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Thread: Heroic and important

  1. #1

    Join Date
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    Samuel Van Eldik

    Heroic and important

    An advertising agency has hired you to photograph individual "pack shots" of a range of packet soups.The soups come in small rectangular boxes, which have a glossy finish. They want the pack to look heroic and important.

    Which lens lighting and filter should I use ?
    The lens options I have to choose from are 20mm,35mm,50mm,100mm macro,135mm and a 300mm.

  2. #2
    jiro's Avatar
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    Willie or Jiro is fine by me.

    Re: Heroic and important

    I'm not a commercial photographer but I'd probably go with a 20mm or 35mm lens. The reason is that I want to introduce extreme angle, like an isometric drawing of a box. Shoot from the bottom looking upward. A big softbox on top as the main light and then some kickers on the side. Totally stopped down lens for extreme focus detail. Just a suggestion.

  3. #3
    rpcrowe's Avatar
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    Richard

    Re: Heroic and important

    When I was working in the motion picture industry, we sometimes used a "Dulling Spray" to reduce the glossiness of objects we were filming or which were in a scene we were filming. This spray came in two versions, permanent and removable. I noticed that a removable version of this spray is still available at a pretty inexpensive price.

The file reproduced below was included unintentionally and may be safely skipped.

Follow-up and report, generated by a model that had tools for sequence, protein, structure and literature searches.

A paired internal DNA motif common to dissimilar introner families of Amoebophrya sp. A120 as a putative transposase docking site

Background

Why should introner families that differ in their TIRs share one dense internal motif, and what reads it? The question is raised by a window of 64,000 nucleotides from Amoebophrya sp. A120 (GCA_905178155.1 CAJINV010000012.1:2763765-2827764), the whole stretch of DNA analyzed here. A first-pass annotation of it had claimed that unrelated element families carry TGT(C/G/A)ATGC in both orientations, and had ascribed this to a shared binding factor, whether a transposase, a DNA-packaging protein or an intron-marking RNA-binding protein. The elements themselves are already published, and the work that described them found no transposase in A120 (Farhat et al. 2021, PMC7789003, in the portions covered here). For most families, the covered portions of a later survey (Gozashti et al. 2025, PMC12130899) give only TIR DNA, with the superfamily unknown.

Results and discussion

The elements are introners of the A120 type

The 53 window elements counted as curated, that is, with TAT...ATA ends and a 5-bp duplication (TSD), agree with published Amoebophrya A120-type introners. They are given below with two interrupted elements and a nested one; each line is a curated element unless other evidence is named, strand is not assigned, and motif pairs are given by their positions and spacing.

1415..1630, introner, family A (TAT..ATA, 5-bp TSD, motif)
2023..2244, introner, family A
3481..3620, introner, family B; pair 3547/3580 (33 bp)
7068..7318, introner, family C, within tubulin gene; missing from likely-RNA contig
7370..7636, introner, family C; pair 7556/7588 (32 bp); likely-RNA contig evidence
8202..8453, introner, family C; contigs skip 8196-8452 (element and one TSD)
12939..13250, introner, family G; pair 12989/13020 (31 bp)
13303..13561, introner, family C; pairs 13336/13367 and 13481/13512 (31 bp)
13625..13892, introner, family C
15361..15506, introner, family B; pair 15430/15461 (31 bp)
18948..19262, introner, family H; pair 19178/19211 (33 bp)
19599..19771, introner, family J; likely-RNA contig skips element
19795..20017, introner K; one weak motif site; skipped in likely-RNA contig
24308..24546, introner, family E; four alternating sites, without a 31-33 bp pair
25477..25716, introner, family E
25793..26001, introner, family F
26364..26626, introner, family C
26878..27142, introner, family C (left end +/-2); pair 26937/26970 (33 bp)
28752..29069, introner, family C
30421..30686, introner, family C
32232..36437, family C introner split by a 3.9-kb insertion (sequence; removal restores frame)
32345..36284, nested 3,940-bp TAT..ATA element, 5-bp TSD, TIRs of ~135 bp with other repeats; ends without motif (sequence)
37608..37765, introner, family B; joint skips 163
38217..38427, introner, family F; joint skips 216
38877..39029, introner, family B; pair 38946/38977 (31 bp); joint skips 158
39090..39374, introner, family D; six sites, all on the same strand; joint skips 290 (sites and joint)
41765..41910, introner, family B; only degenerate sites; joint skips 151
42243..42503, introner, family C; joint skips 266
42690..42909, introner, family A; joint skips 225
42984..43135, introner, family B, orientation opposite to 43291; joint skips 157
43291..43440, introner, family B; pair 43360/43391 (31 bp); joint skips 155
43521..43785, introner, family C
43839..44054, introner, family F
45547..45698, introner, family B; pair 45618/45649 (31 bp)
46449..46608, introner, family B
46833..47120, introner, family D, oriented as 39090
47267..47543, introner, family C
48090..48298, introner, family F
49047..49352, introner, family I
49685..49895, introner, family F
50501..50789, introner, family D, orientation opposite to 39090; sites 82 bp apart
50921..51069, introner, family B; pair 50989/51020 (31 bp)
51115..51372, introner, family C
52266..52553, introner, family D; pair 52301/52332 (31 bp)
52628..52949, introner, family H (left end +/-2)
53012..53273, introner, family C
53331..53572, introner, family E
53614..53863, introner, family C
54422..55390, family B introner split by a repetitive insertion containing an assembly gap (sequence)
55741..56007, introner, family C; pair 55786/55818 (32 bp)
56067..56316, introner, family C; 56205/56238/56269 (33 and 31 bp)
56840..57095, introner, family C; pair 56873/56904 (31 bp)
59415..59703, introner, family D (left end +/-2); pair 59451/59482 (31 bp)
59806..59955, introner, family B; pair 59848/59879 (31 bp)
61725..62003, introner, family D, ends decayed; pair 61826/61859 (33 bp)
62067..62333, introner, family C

http://www.filmtools.com/kryldulspray.html

    Using this spray on the glossy cereal box, MIGHT JUST make the lighting of these boxes easier.

    Caveat: Although the spray is advertised as "REMOVABLE" I would be quite careful spraying it on anything that is valuable or non-replaceable such as artwork. Of course, the cereal boxes would be considered expendable.

  4. #4
    New Member
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    Re: Heroic and important

    was this the correct answer?

  5. #5

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    Re: Heroic and important

    Quote Originally Posted by rpcrowe View Post
    When I was working in the motion picture industry, we sometimes used a "Dulling Spray" to reduce the glossiness of objects we were filming or which were in a scene we were filming. This spray came in two versions, permanent and removable. I noticed that a removable version of this spray is still available at a pretty inexpensive price.

    http://www.filmtools.com/kryldulspray.html

    If you are usig studio lighting, you could always go with a circular polarizer as well, though the dulling spray does quite well by itself.
    Using this spray on the glossy cereal box, MIGHT JUST make the lighting of these boxes easier.

    Caveat: Although the spray is advertised as "REMOVABLE" I would be quite careful spraying it on anything that is valuable or non-replaceable such as artwork. Of course, the cereal boxes would be considered expendable.

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